ANARC08H - Musical Chairs

In the traditional game of Musical Chairs, N + 1 children run around N chairs (placed in a circle) as long as music is playing. The moment the music stops, children run and try to sit on an available chair. The child still standing leaves the game, a chair is removed, and the game continues with N children. The last child to sit is the winner.

In an attempt to create a similar game on these days' game consoles, you modify the game in the following manner: N Children are seated on N chairs arranged around a circle. The chairs are numbered from 1 to N . Your program pre-selects a positive number D . The program starts going in circles counting the children starting with the first chair. Once the count reaches D , that child leaves the game, removing his/her chair. The program starts counting again, beginning with the next chair in the circle. The last child remaining in the circle is the winner.

For example, consider the game illustrated in the figure above for N = 5 and D = 3 . In the figure, the dot indicates where counting starts and × indicates the child leaving. Starting off, child #3 leaves the game, and counting restarts with child #4. Child #1 is the second child to leave and counting restart with child #2 resulting in child #5 leaving. Child #2 is the last to leave, and child #4 is the winner. Write a program to determine the winning child given both N and D .


Your program will be tested on one or more test cases. Each test case specifies two positive integers N and D on a single line, separated by one or more spaces, where N, D < 1,000,000 .

The last line of the input file contains two 0's and is not part of the test cases.


For each test case, write the winner using the following format:


Where N and D are as above, is a space character, and W is the winner of that game.


5 3
7 4
0 0

5 3 4
7 4 2

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cake_is_a_lie: 2017-02-28 03:39:54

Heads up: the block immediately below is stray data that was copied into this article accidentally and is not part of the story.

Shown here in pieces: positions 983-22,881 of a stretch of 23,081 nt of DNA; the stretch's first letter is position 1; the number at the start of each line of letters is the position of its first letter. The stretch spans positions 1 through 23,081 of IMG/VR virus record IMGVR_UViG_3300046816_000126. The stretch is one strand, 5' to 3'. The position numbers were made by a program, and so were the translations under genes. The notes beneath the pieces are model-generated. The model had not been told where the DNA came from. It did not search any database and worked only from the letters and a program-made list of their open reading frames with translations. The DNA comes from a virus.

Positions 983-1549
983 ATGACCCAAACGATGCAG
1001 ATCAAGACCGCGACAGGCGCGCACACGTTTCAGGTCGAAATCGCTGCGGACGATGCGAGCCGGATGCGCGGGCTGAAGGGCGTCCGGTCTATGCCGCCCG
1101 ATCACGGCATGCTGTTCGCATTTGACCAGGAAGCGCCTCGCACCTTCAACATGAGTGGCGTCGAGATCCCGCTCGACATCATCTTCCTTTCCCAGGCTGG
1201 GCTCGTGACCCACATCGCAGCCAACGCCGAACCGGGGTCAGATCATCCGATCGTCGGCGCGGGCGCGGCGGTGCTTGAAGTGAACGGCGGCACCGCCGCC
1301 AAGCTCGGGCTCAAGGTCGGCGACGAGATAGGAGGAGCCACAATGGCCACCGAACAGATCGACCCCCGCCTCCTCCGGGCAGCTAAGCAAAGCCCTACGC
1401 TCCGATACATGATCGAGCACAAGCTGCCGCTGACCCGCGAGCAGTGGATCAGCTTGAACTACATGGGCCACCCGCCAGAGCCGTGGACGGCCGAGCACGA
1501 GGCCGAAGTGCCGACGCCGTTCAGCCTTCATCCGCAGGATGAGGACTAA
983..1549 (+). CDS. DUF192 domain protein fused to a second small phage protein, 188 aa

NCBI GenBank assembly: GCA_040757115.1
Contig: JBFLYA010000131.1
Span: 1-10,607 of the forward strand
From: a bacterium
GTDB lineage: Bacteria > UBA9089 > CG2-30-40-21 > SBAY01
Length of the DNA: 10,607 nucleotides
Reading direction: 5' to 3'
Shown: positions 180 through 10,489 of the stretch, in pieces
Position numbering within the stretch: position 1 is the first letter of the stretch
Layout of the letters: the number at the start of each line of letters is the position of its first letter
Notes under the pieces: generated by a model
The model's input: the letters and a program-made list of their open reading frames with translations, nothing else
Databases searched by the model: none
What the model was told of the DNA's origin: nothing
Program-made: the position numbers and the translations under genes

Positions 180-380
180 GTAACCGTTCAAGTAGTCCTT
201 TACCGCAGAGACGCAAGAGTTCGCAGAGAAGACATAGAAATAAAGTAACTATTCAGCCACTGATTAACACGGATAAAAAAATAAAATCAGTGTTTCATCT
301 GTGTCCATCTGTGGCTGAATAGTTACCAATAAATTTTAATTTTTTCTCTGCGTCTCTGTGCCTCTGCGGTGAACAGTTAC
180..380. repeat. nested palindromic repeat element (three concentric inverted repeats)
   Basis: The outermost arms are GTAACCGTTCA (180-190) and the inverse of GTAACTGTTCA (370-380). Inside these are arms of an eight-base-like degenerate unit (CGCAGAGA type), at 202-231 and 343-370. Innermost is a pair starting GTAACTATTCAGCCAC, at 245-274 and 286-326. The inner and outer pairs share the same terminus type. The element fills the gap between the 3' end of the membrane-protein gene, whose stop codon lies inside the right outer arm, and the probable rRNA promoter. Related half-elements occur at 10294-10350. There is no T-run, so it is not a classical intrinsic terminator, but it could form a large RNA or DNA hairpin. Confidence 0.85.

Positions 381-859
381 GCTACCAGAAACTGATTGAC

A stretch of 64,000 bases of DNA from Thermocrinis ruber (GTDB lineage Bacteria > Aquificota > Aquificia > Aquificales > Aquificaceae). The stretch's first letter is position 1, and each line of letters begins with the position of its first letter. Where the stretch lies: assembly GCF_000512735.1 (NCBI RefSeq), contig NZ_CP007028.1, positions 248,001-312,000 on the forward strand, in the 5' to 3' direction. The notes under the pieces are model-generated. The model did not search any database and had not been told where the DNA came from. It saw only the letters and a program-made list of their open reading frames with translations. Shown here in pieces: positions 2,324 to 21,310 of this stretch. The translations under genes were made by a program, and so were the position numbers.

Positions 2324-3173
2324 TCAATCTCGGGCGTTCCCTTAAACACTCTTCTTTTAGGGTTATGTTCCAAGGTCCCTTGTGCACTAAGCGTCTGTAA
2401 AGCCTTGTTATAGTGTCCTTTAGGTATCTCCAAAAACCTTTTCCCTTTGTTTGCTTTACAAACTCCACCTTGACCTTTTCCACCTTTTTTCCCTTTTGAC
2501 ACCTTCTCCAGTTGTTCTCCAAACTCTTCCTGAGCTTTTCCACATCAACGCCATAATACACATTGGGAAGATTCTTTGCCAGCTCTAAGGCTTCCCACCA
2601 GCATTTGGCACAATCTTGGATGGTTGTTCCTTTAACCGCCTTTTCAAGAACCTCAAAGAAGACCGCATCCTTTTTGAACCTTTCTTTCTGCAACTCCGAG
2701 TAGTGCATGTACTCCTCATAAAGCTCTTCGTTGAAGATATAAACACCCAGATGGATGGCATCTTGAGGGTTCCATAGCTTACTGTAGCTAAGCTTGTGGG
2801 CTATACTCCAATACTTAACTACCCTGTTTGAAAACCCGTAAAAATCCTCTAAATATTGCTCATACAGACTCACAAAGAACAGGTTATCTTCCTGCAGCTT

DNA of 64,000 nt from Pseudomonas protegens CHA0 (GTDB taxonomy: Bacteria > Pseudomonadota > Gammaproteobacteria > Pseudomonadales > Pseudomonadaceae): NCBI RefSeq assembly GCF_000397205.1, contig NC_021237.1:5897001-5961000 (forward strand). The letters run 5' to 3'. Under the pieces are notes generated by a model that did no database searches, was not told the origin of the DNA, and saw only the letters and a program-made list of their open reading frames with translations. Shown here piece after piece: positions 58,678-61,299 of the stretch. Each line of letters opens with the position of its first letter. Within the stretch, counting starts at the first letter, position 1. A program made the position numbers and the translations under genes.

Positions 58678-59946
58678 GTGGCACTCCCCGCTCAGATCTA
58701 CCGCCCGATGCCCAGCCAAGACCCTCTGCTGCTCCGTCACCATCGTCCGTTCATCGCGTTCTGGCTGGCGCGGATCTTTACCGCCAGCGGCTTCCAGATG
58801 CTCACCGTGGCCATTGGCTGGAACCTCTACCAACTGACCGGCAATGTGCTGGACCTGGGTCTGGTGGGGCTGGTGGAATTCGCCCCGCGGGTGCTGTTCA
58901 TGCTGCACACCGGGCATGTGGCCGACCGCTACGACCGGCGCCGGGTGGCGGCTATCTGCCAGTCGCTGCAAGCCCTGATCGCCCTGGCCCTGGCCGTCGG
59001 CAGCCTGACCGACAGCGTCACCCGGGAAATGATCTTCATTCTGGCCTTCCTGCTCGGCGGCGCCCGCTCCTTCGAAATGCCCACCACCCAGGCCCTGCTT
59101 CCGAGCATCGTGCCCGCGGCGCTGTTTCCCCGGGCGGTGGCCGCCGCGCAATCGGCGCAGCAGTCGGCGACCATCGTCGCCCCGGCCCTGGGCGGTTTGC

I don't know why people get TLE on this; a fairly brute force O(N) approach gives me 0.09s.

Also, in case you were still wondering, the recursive solution gives you SIGSEGV because you're putting O(N) frames on the stack and N can be 1000000.

Last edit: 2017-02-28 03:42:59
alias_9854: 2016-12-08 17:07:01

i used linked list, but it is giving runtime error! what could be the probable error,please help.

karthik1997: 2016-06-11 10:16:30

Linked List approach fails => O(N * Log(base d)N ) approach gives TLE
Josephus Recursive Fails

Josephus Iterative ? Well My friend , Its upto you to decide.... :p

galloska: 2015-08-20 00:23:13

I solved it using BIT, but that's not the best option to solve it... In live archive you get TLE if you use BIT or Segment Tree.

Can someone explain me, how can I do this with DP?

shravinson: 2015-07-17 09:31:00

can i use linked list to solve this problem???

[Mayank Pratap]: 2015-06-07 17:23:05

Had a hard time understanding .....Finally AC :)

Steven Hans Limantoro: 2015-06-06 12:24:27

Hint : Josephus problem (iterative version)
Recursive version will lead to stack overflow
Enjoy! :)

farziengineer: 2015-05-27 11:43:48

there was a question on spoj by the name anarch(maybe),[required some bitwise implementation.], but now i cant find that question on spoj, please help

i_am_looser: 2015-05-11 14:15:07

Solved using segment tree but it took 2 hours to implement ....

Gaurav chandel: 2015-02-28 12:13:35

@Ankit recursion will lead to stack overflow. Use iterative version :)

Added by:Ahmed Aly
Time limit:13.93s
Source limit:50000B
Memory limit:1536MB
Cluster: Cube (Intel G860)
Languages:All except: ERL JS-RHINO NODEJS PERL6 VB.NET
Resource:ANARC 2008